Norse mythology tells us that trolls, both large and small, dwell in isolated mountains, rock, and caves. Such creatures live together, generally in mother-son, father-daughter relationships, and are rarely helpful or friendly. Over the past few years the word ‘troll’ has become familiar in our society, particularly to those of us who use the internet. Why is this so? Have the trolls clambered out of their holes in the mountains and come to live amongst us? It seems these may not be the trolls of Norse legend, but as we writers know, they can be equally nasty, often more so.
As an author, you may have had some experience of ‘trolling’. Doling out 1* reviews, for example, is one way in which a troll can indicate that he or she is out to get you. But how can you tell the difference between a genuine review, albeit vitriolic, and one that can be attributed to a troll? After all, when we publish a book we put it out there for general criticism … and let’s face it, not everyone is going to like our work, regardless of how good it may be. According to Wikipedia “trolling is a violation of the implicit rules of internet social spaces and is often done to inflame or invite conflict. It necessarily involves a value judgment made by one user about the value of another's contribution.” Wikipedia explains that reviewers are only trolling if motivated by malice, rather than simply ignorance or bias. A troll’s primary concern is not that of a constructive book reviewer who will usually comment on the overall quality of writing. The troll will review your book in such a way as to simply elicit an angry response. That’s how they get their kicks.
How then do you distinguish between genuine ‘poor’ reviews, and trolling? How can you be certain that straight-up malice is not the motivation? Often, you can’t, so bear this in mind when tempted to label a reviewer as a troll. Recently, I received a 1* review for a novel I self-published some time ago. It was the first time that this happened to me and I was shocked, not just by the 1*, but by the vitriolic way in which the review had been written. I no longer saw all the other great reviews I’d received for this same novel … all I could see was this vile review despoiling the top of my page. When I first read it, my immediate reaction was to respond with all guns blazing. In the end, thanks to advice from writer friends, I did not. However, one of my readers did, and the ‘reviewer’ came straight back with yet another nasty response. That can be the mark of a troll. Nonetheless, this ‘reviewer’ has a bone fide page on Amazon. Here I discovered I was not alone … other authors, both self-published and well-known traditionally published writers, had been treated to the same vitriol. Does that make this person a ‘troll’? I don’t honestly know.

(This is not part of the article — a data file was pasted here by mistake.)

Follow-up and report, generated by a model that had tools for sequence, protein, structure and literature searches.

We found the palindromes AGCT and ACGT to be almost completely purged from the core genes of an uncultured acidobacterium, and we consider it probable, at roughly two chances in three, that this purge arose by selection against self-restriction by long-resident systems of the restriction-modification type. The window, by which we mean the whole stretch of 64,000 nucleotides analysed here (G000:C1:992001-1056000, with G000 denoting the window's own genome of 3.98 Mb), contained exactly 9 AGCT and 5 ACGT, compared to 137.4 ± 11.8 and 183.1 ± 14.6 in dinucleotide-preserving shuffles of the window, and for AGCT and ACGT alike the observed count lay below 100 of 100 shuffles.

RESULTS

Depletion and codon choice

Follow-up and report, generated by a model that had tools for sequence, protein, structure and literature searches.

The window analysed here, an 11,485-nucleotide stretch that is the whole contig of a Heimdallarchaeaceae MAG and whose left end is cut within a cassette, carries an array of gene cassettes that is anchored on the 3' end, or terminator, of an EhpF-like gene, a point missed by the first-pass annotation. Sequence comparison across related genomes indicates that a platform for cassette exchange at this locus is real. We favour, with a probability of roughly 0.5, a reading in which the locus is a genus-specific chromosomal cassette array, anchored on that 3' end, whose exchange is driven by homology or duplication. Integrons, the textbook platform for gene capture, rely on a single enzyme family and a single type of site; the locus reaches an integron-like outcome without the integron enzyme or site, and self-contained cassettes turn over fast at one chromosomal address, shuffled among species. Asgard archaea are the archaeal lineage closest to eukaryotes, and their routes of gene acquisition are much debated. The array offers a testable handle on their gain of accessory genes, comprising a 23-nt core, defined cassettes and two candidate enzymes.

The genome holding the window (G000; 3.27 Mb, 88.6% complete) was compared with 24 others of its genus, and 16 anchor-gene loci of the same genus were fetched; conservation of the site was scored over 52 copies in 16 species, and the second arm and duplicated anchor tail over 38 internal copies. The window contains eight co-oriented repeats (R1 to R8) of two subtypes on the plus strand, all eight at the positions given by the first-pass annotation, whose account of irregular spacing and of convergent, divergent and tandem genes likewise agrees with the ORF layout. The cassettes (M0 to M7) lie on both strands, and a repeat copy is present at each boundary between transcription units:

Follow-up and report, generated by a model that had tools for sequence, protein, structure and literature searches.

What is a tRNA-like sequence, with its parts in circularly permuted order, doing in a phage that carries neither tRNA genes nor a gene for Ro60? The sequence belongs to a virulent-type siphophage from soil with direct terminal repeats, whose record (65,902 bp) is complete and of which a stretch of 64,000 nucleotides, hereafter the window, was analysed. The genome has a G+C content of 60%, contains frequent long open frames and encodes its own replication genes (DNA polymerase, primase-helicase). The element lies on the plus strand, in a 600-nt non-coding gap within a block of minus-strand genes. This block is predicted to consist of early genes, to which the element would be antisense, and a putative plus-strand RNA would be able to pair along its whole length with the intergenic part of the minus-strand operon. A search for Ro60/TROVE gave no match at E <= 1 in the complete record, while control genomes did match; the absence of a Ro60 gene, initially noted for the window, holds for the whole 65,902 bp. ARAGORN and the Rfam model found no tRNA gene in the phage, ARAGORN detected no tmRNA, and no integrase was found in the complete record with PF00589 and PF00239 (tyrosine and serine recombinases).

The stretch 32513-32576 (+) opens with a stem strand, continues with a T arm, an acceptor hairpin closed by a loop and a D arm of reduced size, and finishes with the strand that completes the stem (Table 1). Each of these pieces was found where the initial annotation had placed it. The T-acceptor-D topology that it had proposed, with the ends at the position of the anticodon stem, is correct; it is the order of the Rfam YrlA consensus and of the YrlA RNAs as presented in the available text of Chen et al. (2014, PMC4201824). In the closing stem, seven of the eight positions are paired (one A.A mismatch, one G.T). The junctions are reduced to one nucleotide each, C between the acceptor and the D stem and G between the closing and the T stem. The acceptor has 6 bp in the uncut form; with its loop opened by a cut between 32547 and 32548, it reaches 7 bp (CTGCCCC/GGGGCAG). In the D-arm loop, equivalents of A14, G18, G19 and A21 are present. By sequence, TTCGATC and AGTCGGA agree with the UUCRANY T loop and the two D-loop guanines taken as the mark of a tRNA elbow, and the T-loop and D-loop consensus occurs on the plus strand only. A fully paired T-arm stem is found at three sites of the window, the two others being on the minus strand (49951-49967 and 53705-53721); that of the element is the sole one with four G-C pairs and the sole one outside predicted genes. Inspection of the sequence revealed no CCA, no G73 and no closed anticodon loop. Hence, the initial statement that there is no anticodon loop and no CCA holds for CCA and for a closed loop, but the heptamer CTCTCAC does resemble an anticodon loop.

If you’ve written, or tried to write a novel, you’ll be familiar with the hard work that goes into it. Often, years of research lie behind those pages. Good reviewers will be mindful of this when they come to review a book, regardless of whether or not they liked it, or discovered flaws. We can be constructive in our criticism, pointing out defects without resorting to vitriol. After all, what has the writer done to you?
The biggest question for authors then is how to respond to 1* reviews, particularly when written in a spiteful manner. The author, Dougie Brimson, writing for Goodreads, provides sound advice: “when someone posts something negative, be it about the story, the writing or even the grammar, whilst the natural instinct is to respond, it is imperative that you avoid the temptation and instead, bite the bullet and take it on the chin.” I saw what could happen when a reader responded to my 1* review. This simply invited more of the same. As Brimson continues, should you respond you may well “open yourself up to a world of pain” and “attacks can be very personal indeed.”
As soon as you put your work in the public domain, bad reviews are to be expected alongside good ones. You’ve put it out there after all, so you’ve got to be prepared for this. According to Wikipedia, Rule 14 of the internet states: ‘Do not argue with trolls … it means they win.’ So … Never respond. Let go and move on.
For more on trolling and 1* reviews see my blog on the She Voices website. Forthcoming, March … @ https://shevoices.net/voices/